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Undergraduate Mathematics Course Descriptions

MATH 104 Elementary Mathematical Modeling Three Credit Hours
Prerequisites: Two years of high school algebra
This course will introduce students to mathematical models of real world problems. Designed for non-technical majors, this course focuses on basic mathematical functions, modeling using those functions, properties of their graphs, and real-world applications. Functions will include linear, quadratic, higher degree polynomial, exponential, logarithmic, and logistic. Students will solve problems using algebra and a graphing calculator; they will use matrices for solving systems of linear equations; and they will be required to interpret results in writing. Students may not receive credit for both MATH 104 and MATH 119 in meeting their core curriculum mathematics requirement.

MATH 105 Finite Mathematics Three Credit Hours
Prerequisites: Two years of high school algebra
An introduction to finite mathematics with an emphasis on applications and formulation of problems in mathematical language. Topics selected from matrices, linear programming, mathematics of finance, counting methods, probability, and statistics. The course includes work using a computer software package.

MATH 106 Applied Calculus I Three Credit Hours
Prerequisite: Two years of high school algebra
An introduction to differential and integral calculus of polynomials, exponential, and logarithmic functions with an emphasis on applications to business and the life and social sciences. Students may not receive credit for both MATH 106 and MATH 131.

MATH 107 Applied Calculus II Three Credit Hours
Prerequisite: MATH 106 with a grade of “C” or higher, or MATH 131 with a grade of “C” or higher.
A continuation of the calculus introduced in MATH 106. Topics include techniques of integration, applications of integrals, improper integrals, partial derivatives and applications, and a brief introduction to double integrals.

MATH 119    Precalculus    Four Credit Hours
       The goal of this course is to prepare students majoring in mathematics, sciences, and engineering for the required calculus sequence. Topics include polynomial, rational, exponential, logarithmic, and trigonometric functions and their graphs, with emphasis on conceptual understanding and algebraic skills necessary for success in calculus. Students in the majors above will normally start their mathematics track in Analytic Geometry and Calculus I (MATH 131). Students desiring to enhance their mathematics foundation before taking Analytic Geometry and Calculus I can opt to take this course. Students scoring below baseline on the departmental Mathematics Placement Exam must take this course. Students must earn a course grade of C or higher to proceed to Analytic Geometry and Calculus I. A student who passes MATH 119 and subsequently changes to a major that does not require MATH 131 may substitute MATH 119 for MATH 104. Students may not receive credit for both MATH 104 and MATH 119 in meeting their core curriculum mathematics requirement.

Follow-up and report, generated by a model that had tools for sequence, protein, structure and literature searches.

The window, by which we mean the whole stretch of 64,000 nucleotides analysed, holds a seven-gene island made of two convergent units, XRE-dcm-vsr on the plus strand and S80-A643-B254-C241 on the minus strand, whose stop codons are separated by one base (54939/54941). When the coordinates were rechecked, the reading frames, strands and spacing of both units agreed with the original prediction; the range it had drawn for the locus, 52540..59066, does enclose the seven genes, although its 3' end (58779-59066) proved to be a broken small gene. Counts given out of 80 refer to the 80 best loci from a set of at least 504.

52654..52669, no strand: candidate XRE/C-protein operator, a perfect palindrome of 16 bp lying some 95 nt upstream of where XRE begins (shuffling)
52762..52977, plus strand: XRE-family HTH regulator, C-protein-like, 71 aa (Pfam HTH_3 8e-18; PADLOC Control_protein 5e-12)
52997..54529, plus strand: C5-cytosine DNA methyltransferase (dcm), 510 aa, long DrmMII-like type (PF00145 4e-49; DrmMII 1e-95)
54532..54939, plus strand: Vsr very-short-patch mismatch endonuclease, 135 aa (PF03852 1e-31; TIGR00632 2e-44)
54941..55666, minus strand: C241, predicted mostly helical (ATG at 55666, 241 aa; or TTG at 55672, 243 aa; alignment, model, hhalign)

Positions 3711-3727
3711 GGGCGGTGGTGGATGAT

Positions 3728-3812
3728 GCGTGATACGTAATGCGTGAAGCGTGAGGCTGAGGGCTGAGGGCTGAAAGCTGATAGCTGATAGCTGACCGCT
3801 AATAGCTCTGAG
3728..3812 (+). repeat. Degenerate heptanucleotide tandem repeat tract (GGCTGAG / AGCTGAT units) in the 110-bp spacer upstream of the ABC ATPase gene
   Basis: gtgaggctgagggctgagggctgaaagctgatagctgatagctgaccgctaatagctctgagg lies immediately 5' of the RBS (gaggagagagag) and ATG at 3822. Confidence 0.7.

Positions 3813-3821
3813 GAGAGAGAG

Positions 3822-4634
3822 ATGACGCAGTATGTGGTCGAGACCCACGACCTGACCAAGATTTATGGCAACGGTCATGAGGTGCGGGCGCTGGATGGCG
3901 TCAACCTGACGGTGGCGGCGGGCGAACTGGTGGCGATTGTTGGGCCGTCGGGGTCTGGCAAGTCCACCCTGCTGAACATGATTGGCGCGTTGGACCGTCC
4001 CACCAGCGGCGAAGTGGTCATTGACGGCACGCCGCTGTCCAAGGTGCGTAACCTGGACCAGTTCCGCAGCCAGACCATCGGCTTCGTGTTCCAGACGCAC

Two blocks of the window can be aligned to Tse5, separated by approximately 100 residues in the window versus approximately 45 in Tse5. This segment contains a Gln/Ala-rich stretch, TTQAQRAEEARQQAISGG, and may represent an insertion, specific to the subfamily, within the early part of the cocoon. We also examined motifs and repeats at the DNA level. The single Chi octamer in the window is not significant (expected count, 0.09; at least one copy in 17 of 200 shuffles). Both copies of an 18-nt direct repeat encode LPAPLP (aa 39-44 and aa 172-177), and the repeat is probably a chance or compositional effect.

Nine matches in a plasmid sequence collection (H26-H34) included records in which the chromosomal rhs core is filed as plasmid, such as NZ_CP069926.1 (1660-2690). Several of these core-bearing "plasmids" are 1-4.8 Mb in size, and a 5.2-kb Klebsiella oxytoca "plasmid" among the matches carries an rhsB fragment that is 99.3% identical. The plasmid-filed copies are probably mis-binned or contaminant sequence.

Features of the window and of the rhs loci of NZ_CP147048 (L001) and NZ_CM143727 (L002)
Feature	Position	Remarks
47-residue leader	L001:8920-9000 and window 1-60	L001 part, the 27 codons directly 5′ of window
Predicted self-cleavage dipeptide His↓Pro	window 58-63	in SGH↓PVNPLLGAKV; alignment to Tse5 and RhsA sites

MATH121    Introduction to the Practice of Mathematics   Three Credit Hours
Prerequisites: None
This course is restricted to the first year mathematics majors  

This three credit course is required of all mathematics majors during the first year. It is intended provide them with basic skills needed for independent studies and undergraduate research projects in mathematics. Among these skills are effective written and oral mathematical communication and basic facility with modern mathematical software. Instruction in written communication will include the craft of mathematical writing, the use of technology (e.g., LATEX) for creation of mathematical text, and readings of level-appropriate mathematics articles in undergraduate journals.  Attendance at some departmental seminars will be required and models for effective presentations in professional venues will be discussed. An introduction to computational (e.g., MATLAB) and indexing (e.g., MathSciNet) software that will be of use throughout the four-year curriculum will be provided.

MATH 131 Analytic Geometry and Calculus I Four Credit Hours
Prerequisite: One of MATH 119 with a grade of “C” or higher, a satisfactory score on the placement exam, or approval of the department head
Limits, derivatives, applications of the derivative, antiderivatives and definite integrals.
Students who complete MATH 131 and change to a major which does not require MATH 132 must complete one additional MATH course in order to satisfy their core curriculum requirement. Students may not receive credit for both MATH 106 and MATH 131.

MATH 132 Analytic Geometry and Calculus II Four Credit Hours
Prerequisite: MATH 131 with a grade of “C” or higher, or HONR 131 with a grade of “C” or higher
Applications of the integral, transcendental functions, techniques of integration, series and sequences of real numbers, Taylor series, and power series.

MATH 206 Introduction to Discrete Structures Three Credit Hours
Prerequisite: One of MATH 131, HONR 131, or MATH 106 with a grade of C or higher.
Set algebra including relations and functions, propositional and predicate logic, combinatorics, graphs, and applications of these to various areas of computer science.

MATH 231 Analytic Geometry and Calculus III Four Credit Hours
Prerequisites: MATH 132 or HONR 132
The analytical geometry of two and three dimensions, the differential and integral calculus of functions of two or more variables, and vector differential calculus.

MATH 234 Applied Engineering Mathematics I Four Credit Hours
Prerequisite: MATH 132
An integrated course in linear algebra and differential equations. Topics include differential equations of the first order and degree, linear differential equations of higher order, systems of differential equations, the Laplace transform, vector spaces, bases, linear transformations, systems of linear equations, algebra of matrices, and determinants.

MATH 240 Linear Algebra Three Credit Hours
Prerequisite: MATH 132 or MATH 107 or HONR 132